For our third Saturday outing, Serge and I made plans to go to the nature reserve (otherwise known as Ile de la Madelaine) with some of his friends from work. However we woke up to a very wet and very windy morning… it stopped around 9:30, but we figured that it probably wouldn’t be wise to be crawling around on slippery rocks or to trudge around in icky mud. People have also said that the water can be really choppy and fairly dangerous between the mainland and the island on days when it has been raining. So we didn’t go. I was pretty disappointed because it’s supposed to be really beautiful on the island. But there will be another time to go.
Not content to spend all Saturday cooped up in our respective apartments, Serge and I decided to go to the marché Sandaga on the Plateau (downtown Dakar) and then visit the zoo. The market extends for several blocks and you can find practically anything you want there. Purses, clothing, cloth, jewelry, sculptures, paintings, traditional masks, electronics, shoes, etc, etc, etc. I knew that I wanted to pick up some material to have some boubous made, and Serge wanted to get some nice T-shirts/polos and some button-down shirts. Holy cow, it was crazy. There were so many people it was hard to move, and everyone was trying to get us to buy something. Some people were kind of annoying, and other people had the task of finding potential buyers for one particular item and then guide them to the boutique. You have to bargain for everything. When you ask for a price they quote you an outrageous figure, and then you cut that at least in half, and they’ll try to get you to go higher. I was really glad that Serge was with me because he’s a really good bargainer. I need to take lessons from him so when he’s gone I can get the prices I want. He helped me pick out two fabrics and I helped him pick out 4 shirts. We made a pretty good pair. Now all I have to do is find a seamstress and have the dresses made.
The zoo is located on the southern side of the peninsula and its surrounded by the only green space in the whole city. By that I mean that it’s the only thing that can sort of be labeled as a park. There are tons of trees, a small lake, some benches (the only ones I’ve seen on the mainland) and then the zoo. We saw a bunch of big, white birds that had long necks roosting in the trees. I think they were storks, but I’m not sure. Many of the nests had babies in them, and I thought that was strange because it’s not the spring season… but I’ve seen enough things here that go against the norms that I’m used to, so maybe I should stop being surprised at such things.
The zoo was quite small, but we saw lots of crocodiles (they were really ugly) and monkeys. The cages weren’t too far away from the guard rails – sometimes there was a little moat between the sidewalk and the cages – and if someone really wanted to, they could reach out and almost touch the bars. We were looking at some monkeys and a Senegalese man with his two little boys were watching a monkey in the cage right next to us. The dad had a bag of peanuts and one of his boys suggested that he feed some to the monkey. So he put a few in his hand, reached across the moat, and offered them to the monkey. The monkey stretched out his hand, ate them, and stuck out his hand for more. Serge and I asked for some and we fed him, too. His little paws were soft and leathery to the touch. And it was fun to FINALLY be able to feed the animals!! Probably our most interesting monkey encounter came about 10 minutes after that. I don’t know what kind of primate he was – he was either a chimpanzee on steroids or a very small gorilla – but he was really muscular. Serge and I had just stopped in front of his cage when he stood up on the little platform he was resting on and began hopping nimbly from foot to foot. After he finished hopping around, he pulled his arm behind him, charged the bars, and flung a melon at us! Here we thought he was doing a cute little dance, but nope, he was trying to kill us. Ok, maybe that’s a slight exaggeration, but he certainly did not want us to be there. He threw the melon with such force that when it hit the bars, it made a really loud popping noise that reminded me of the sound a BB gun makes when it’s fired. I flinched and turned my back to the melon pieces that flew through the air, and poor Serge had to duck and cover his face because the monkey had aimed right at his head. It’s a good thing that Serge has quick reflexes, and it’s a good thing that melon shattered as it went through the cage. The weird thing is that neither of us saw anything in his hand. It’s like it appeared out of nowhere. I’m sure Steroid Monkey thought he was pretty funny and that he smiled to himself as we quickly went away. In the end we ended up laughing about it and we kept referencing back to it throughout the day, so you can see that it really got our adrenaline pumping.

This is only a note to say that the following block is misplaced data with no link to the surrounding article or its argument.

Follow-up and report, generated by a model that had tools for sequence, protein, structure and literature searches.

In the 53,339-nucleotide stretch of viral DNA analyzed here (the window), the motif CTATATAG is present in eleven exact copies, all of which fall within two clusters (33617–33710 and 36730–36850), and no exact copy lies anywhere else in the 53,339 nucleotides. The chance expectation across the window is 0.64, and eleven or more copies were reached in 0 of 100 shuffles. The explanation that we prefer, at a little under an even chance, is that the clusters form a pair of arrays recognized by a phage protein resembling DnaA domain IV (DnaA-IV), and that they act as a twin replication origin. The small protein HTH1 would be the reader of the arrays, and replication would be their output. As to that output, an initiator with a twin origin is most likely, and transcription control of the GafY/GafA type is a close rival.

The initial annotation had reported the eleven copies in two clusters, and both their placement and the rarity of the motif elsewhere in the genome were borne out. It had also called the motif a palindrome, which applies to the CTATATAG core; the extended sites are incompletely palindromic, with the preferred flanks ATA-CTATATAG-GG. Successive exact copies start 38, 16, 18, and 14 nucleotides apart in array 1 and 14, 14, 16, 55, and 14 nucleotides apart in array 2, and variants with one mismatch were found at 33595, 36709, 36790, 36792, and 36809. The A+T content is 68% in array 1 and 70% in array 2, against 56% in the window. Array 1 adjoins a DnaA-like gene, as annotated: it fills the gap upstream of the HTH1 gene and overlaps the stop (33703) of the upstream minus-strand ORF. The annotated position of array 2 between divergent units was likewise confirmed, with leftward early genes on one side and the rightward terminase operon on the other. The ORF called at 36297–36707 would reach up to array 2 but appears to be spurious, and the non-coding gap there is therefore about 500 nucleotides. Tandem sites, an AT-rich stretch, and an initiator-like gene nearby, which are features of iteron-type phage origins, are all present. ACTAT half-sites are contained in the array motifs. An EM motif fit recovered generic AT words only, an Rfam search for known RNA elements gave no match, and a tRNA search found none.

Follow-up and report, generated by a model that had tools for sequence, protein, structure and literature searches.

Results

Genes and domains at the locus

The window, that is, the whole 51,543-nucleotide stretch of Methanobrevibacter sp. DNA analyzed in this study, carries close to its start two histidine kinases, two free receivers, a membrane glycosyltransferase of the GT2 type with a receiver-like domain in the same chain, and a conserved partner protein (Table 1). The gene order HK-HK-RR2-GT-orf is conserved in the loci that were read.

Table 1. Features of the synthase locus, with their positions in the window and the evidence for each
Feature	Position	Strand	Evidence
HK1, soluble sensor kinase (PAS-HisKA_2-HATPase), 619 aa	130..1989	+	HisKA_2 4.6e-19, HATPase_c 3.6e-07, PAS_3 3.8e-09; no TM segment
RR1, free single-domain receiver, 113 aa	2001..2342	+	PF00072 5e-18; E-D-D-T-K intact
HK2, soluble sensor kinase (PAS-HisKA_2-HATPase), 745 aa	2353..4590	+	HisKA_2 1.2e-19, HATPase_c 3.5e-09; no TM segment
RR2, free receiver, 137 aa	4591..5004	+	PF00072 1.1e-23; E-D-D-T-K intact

We saw an 20 foot python as thick around as my calf scaling his chicken-wire enclosing. I hate snakes. And this was a big one. He was close enough that we could have easily have touched him had we wanted to. But I didn’t. I don’t think Serge did, either. Then we saw a bunch of animals that, thanks to Disney’s The Lion King, we were able to identify. Namely Simba and Pumbaa. The tigers refused to come out of their cement houses, there were water buffalo, a big ugly lizard thing, goats, sheep, and even a camel, but he must have been hiding in the tall grasses that were in his enclosing. Too bad.
Overall it was a very good day.